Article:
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Despite the current housing crisis in the United States, there are some signs of hope on the horizon. Votes for levies and support for the YIMBY (Yes In My Backyard) movement indicate a desire for change among policymakers. While the YIMBY movement tends to favor public housing and spending programs like Low Income Housing Tax Credits, the positive language they use could potentially lead to real change in housing policy. Embracing concepts such as legalizing housing and repealing zoning restrictions could help shift efforts towards reducing impediments to housing production.

Another alternative path for housing is through cooperatives and Community Land Trusts (CLTs). Cooperatives allow for the fractional ownership of real property, providing regular people with the opportunity to build equity. The language and structure of cooperatives appeal to those concerned with housing policy, offering a sensible way to address the current crisis. Local governments will also need to innovate in order to find creative solutions for those living in improvised housing. This may involve changing shelters to be healthier and more accommodating, as well as adapting land use codes to allow for private entities like CLTs to address the housing shortage.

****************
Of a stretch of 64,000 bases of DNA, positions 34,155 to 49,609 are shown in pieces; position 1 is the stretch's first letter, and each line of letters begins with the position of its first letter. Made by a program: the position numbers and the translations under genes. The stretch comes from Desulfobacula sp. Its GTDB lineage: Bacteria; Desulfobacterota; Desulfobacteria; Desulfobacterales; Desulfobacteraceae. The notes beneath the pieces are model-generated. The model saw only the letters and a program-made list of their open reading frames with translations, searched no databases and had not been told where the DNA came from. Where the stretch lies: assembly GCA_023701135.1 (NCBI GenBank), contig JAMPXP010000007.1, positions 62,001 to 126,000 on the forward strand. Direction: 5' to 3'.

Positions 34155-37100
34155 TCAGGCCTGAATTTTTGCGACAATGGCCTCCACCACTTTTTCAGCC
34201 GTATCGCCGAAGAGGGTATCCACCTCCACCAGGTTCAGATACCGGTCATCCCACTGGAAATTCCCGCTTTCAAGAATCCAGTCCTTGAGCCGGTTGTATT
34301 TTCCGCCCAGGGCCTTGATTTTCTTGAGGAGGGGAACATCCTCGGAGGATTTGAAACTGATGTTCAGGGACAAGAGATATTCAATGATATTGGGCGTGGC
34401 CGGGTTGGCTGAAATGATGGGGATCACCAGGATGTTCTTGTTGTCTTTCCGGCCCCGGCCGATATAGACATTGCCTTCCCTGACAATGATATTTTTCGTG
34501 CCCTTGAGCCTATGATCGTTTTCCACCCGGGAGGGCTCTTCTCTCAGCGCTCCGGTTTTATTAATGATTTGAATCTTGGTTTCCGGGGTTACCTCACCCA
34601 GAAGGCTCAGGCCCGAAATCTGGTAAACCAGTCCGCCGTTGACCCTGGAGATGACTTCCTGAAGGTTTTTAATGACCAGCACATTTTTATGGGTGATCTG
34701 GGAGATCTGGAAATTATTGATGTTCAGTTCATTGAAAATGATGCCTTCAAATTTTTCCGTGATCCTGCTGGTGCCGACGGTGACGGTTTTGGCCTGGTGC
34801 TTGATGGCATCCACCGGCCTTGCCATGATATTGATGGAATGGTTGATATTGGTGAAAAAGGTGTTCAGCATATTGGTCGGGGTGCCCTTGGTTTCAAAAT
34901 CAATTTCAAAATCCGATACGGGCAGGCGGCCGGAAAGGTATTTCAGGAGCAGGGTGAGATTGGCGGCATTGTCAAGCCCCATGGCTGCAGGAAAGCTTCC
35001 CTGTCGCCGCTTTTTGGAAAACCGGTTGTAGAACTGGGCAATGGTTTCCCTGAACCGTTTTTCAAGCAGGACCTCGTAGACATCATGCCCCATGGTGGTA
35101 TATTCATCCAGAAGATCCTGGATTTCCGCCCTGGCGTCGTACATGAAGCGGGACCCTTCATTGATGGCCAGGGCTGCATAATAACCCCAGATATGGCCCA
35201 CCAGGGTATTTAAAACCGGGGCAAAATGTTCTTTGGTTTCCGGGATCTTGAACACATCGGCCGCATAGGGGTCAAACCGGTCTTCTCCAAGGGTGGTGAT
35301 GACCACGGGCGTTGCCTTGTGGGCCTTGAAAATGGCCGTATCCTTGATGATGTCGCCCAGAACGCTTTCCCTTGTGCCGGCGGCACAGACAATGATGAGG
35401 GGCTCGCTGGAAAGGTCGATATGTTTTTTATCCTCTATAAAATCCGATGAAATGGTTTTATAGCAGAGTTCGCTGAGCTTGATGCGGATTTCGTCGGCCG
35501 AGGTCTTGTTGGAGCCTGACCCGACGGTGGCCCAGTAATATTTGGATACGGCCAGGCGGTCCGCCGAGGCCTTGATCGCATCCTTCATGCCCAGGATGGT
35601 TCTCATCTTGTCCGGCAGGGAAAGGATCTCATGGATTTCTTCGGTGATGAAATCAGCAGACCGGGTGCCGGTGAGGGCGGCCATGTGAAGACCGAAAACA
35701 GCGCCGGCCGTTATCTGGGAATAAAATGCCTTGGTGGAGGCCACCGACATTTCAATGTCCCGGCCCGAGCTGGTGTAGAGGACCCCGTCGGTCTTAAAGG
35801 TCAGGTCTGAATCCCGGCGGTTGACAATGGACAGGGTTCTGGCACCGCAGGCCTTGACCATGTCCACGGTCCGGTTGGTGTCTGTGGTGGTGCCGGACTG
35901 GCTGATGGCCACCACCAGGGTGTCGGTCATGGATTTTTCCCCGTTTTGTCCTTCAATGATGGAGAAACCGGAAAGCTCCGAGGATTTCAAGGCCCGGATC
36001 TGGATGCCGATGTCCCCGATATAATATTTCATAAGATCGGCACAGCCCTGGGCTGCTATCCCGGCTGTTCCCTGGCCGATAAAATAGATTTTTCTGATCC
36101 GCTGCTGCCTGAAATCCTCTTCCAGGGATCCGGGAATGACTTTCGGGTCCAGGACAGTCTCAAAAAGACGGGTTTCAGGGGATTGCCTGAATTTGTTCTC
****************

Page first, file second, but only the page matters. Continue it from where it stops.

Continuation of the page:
States can play a more active role in setting local housing policy, preempting issues such as rent control to prevent regressive proposals. Ohio’s legislation preempting rent control was aimed at addressing restrictive zoning and land use regulations that limit market rate supply and inefficient subsidy programs. By encouraging cities to explore better ways of helping families with housing needs, states can create more uniform and broadly applicable housing policies. It will be crucial to dig deep into public opinion and shift people’s thinking towards embracing new solutions rather than resorting to the easy solution of dumping more money on the problem.

In order to build on these bright spots, it will be essential to conduct further research on public opinion and proposed solutions to the housing crisis. By investing in pilot programs such as cooperative housing, policymakers can gather evidence of success and persuade more investment in alternative housing solutions. It will require a shift in perspective and a willingness to explore new ideas, rather than simply relying on traditional methods of addressing housing issues. With continued effort and innovation, there is hope for change in housing policy and a brighter future for those in need of affordable housing in the United States.

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